Broadband in California 25 mins – “This spring, SiFi Networks and Fullerton, California, announced that they will be working together to deploy an open access Fiber-to-the-Home (FTTH) network across the city of 140,000 people. SiFi will fund and build the network and has already signed up two providers to offer Internet access service to the public. This week, Christopher speaks with Ban Bawtree-Johnson, CEO of SiFi Networks.” At the link right-click the down-pointing arrow and select “Save Link As” from the pop-up menu.
Cory Booker 32 mins – “Presidential candidate Sen. Cory Booker joins to discuss the first round of debates and why he should be the Democratic nominee. He speaks with Jane Clayson. Plus, we look at the growing threat of ransomware attacks with Frances Robles and Tyler Moore.” At the link right-click the down-pointing arrow and select “Save Link As” from the pop-up menu.
Critical Zone 27 mins – “Dr. Pannell sits down the Dr. Sue Brantley, distinguished Professor of Geosciences at Penn State. She is particularly interested in the critical zone – the zone from the top of vegetation canopy to groundwater.” At the link right-click the play button and select “Save Link As” from the pop-up menu.
Donner Party 27 mins – “Did they or didn’t they? There is plenty of written evidence that the ill-fated Donner Party resorted to cannibalism – except there are no bones. Learn the details of one of the worst disasters of the early West in this classic episode of Stuff You Should Know.” At the link you can listen, but not download; however, a copy is included in this blog archive.
Double Jeopardy Rule 33 mins – “The Supreme Court upholds the double jeopardy rule that allows states and the federal government to prosecute for the same crime. The ruling could blunt President Trump’s pardon powers.” At the link right-click the down-pointing arrow and select “Save Link As” from the pop-up menu.
Drug Wars 44 mins – “Robin Feldman of the University of California Hastings College of Law and author of Drug Wars talks about her book with EconTalk host Russ Roberts. Feldman explores the various ways that pharmaceutical companies try to reduce competition from generic drugs. The conversation includes a discussion of the Hatch-Waxman Act and the sometimes crazy world of patent protection.” At the link right-click “Download” and select “Save Link As” from the pop-up menu.
Dying Process 45 mins – “Chuck and Josh have covered just about every aspect of death except dying itself. Here, they fulfill the death suite of podcasts with an in-depth look at just how people die, what happens to the body during the dying process and how people accept death — and what they regret not having done while they lived.” At the link you can listen, but not download; however, a copy is included in this blog archive.
Economic Development Regulation 75 mins – “Simeon Djankov, creator of the World Bank’s Doing Business Report, and Matt Warner, Chief Operating Officer of Atlas Network talk with EconTalk host Russ Roberts about the role regulation plays in economic development and the challenges of measuring regulatory barriers to new business creation.” At the link right-click “Download” and select “Save Link As” from the pop-up menu.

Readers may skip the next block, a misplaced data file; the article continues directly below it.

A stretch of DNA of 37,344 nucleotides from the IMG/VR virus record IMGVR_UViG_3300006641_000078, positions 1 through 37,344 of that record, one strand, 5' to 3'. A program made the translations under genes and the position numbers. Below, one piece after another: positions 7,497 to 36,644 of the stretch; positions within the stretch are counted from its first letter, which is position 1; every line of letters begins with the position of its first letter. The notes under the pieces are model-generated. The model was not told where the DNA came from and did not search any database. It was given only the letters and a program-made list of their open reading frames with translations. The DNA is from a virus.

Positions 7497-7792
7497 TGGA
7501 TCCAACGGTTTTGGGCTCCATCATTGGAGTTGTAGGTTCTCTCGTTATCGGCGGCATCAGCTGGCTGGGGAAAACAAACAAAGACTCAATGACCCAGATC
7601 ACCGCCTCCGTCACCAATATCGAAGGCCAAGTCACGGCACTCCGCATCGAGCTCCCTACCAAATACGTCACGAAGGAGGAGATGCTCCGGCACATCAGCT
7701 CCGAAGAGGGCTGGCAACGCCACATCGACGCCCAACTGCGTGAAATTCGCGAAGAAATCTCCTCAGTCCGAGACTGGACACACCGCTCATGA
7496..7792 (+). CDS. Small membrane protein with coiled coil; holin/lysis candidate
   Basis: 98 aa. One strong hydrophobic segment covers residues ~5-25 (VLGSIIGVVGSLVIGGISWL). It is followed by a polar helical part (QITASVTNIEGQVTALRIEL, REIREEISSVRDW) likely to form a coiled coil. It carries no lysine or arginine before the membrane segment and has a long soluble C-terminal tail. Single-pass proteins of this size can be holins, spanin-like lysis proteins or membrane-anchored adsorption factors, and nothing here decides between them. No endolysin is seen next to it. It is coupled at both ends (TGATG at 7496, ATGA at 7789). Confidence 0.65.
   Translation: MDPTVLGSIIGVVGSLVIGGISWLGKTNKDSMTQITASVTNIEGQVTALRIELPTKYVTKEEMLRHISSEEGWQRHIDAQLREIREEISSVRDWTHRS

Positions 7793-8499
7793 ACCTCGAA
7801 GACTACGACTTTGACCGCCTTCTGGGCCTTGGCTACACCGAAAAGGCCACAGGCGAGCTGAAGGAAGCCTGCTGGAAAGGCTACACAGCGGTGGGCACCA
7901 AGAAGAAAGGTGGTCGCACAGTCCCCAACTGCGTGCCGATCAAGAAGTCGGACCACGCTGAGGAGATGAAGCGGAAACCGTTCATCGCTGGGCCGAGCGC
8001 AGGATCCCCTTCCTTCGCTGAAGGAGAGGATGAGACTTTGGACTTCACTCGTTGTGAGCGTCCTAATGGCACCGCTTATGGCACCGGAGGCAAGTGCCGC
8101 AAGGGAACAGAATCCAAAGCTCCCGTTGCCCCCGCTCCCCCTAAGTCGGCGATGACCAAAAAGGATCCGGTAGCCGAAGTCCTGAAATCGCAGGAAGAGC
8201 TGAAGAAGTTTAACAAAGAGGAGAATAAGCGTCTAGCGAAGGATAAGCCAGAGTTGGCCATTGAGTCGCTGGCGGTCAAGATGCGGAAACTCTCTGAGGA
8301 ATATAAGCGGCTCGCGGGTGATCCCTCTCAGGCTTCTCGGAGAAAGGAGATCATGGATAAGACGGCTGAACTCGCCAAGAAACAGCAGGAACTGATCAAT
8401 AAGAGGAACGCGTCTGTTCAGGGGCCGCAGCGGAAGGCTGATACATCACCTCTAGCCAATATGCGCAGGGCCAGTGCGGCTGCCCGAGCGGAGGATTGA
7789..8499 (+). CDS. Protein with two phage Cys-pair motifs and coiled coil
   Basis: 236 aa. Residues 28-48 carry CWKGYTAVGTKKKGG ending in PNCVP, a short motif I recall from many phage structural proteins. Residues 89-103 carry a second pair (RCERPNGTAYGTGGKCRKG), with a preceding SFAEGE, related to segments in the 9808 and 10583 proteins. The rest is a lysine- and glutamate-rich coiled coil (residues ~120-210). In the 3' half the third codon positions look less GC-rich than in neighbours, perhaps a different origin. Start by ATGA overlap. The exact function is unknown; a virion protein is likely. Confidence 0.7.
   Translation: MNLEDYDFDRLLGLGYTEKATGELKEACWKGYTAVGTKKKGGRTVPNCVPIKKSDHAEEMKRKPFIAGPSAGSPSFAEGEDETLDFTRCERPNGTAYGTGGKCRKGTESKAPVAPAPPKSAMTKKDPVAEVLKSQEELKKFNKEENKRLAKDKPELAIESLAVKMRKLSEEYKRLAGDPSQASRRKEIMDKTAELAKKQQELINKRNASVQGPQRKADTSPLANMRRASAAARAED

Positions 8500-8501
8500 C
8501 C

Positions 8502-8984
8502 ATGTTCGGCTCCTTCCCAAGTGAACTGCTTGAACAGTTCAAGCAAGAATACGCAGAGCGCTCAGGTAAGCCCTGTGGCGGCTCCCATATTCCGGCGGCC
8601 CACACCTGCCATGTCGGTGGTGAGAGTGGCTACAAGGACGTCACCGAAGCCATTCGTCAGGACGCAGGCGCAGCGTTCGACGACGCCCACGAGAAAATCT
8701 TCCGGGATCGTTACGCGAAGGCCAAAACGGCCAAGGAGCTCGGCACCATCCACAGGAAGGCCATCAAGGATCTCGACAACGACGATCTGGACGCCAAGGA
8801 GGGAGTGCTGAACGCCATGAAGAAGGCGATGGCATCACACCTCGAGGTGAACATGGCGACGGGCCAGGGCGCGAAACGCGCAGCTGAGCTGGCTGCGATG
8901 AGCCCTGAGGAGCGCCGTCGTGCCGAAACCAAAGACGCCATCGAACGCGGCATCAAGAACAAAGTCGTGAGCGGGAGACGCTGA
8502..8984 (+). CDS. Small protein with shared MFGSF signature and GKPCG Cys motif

Environmental Justice 18 mins – “Dr. Pannell welcomes Dr. Robert Figueroa of Oregon State University co -author of Science and other cultures for a compelling talk on Environmental justice, DDT, the philosophy of science and many other topics. …Over the past decade, Rob has edited the special issue of the Journal of Environmental Philosophy on Ecotourism and Environmental Justice (fall 2010). He has published widely on environmental justice studies working to extend both the applications of environmental justice in multiple disciplines and to rethink justice theory through grassroots experiences. One example of this has involved cultural geographer Gordon Waitt from the University of Wollongong, Australia. Rob and Gordon have been studying ecotourism and environmental justice at Uluru-Kata Tjuta National Park in the Northern Territory of Australia since 2005. Their Uluru Project has produced several publications combining philosophy and geography in an affective, qualitative methodology that has shaped thought in tourism studies, environmental justice, critical geography, and restorative justice for indigenous peoples.” At the link right-click the play button and select “Save Link As” from the pop-up menu.
European Technology 28 mins – “Syed Kamall, a member of the European Parliament, talked about European Union (EU) technology policy issues. Topics included the new General Data Protection Regulation (GDPR) privacy regulations of concern to some U.S.-based companies, and the impact of the U.K.’s exit from the EU (also known as “Brexit” on technology developments.” At the link you can listen, but not download; however, a copy is included in this blog archive.
Financial Guidance 48 mins – “My recent opportunities to educate investors have been extremely satisfying, including a presentation to teenagers and their parents on Bainbridge Island, mostly-retired investors at the AAII chapter in Portland, OR and to 200 students at Western Washington University. The following are questions that came rolling in from the groups, as well as emails from our readers and listeners….” At the link right-click “Download’ an dselect “Save Link as from the pop-up menu.